Guitar Lessons – How To Use A Metronome – Lesson 21
How to Use a Metronome
The old saying “you’ve got to walk before you can run” certainly holds true when you want start out with guitar lessons. It’s very easy to see your favorite guitar hero rip off a blistering solo and then excitedly grab your guitar and try to shred a few hundred notes out at mach speed, only to be totally let down when it sounds like complete musical gibberish.
The thing that’s easy to forget when you see these shredders soloing all over the guitar neck is that they all had to start somewhere too! Chances are very good that they started exactly where you started and they could not play much of anything in the early days let alone solo like a mad man.
Whether you want to learn to play fast impressive guitar solos or simply want to be able to play cleanly with no mistakes in a nice, fluid manner, the very best way to make either of these happen is to learn how to use a metronome.
Metronomes come in a variety of shapes and styles but they all serve the same basic service which is to keep time. They’ll usually have a dial that allows you to select how many beats you want to it to tick at, as well as a speaker to hear the ticks and sometimes a light so you can see the beat ticking away.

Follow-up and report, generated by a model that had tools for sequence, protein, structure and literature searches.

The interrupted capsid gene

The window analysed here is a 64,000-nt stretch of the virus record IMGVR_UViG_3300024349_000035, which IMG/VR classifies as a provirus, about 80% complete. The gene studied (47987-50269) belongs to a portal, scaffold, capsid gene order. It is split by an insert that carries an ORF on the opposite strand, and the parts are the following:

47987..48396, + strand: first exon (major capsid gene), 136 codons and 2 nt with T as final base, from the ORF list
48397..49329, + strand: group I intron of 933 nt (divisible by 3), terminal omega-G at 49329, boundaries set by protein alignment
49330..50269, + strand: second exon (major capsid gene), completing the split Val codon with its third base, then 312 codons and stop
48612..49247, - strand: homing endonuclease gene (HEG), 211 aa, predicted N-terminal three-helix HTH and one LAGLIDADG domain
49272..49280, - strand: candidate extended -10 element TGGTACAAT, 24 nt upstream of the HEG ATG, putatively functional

In addition to handheld metronomes there are also software versions that you can install on your Mac, PC, iPhone, iPad etc or if you’re really old school like me, you can use a drum machine.
To use the metronome effectively, you’ve got to have a piece of music or a scale or run that you’re working on and play through it a few times with no metronome to get the notes under your fingers and try them out a few times. Next you’ll start the metronome at a moderately slow pace that allows you to comfortably play the exercise or scale with no mistakes.
When you’ve got the piece mastered at the starting tempo and you can play it backward and frontward with no mistakes, you can speed the metronome up a few BPM (beats per minute). Don’t be too anxious to move the speed up too soon. This is the building blocks of your lead guitar playing and the more seriously you take learning to play clean in the early days, the better guitarist you’ll become.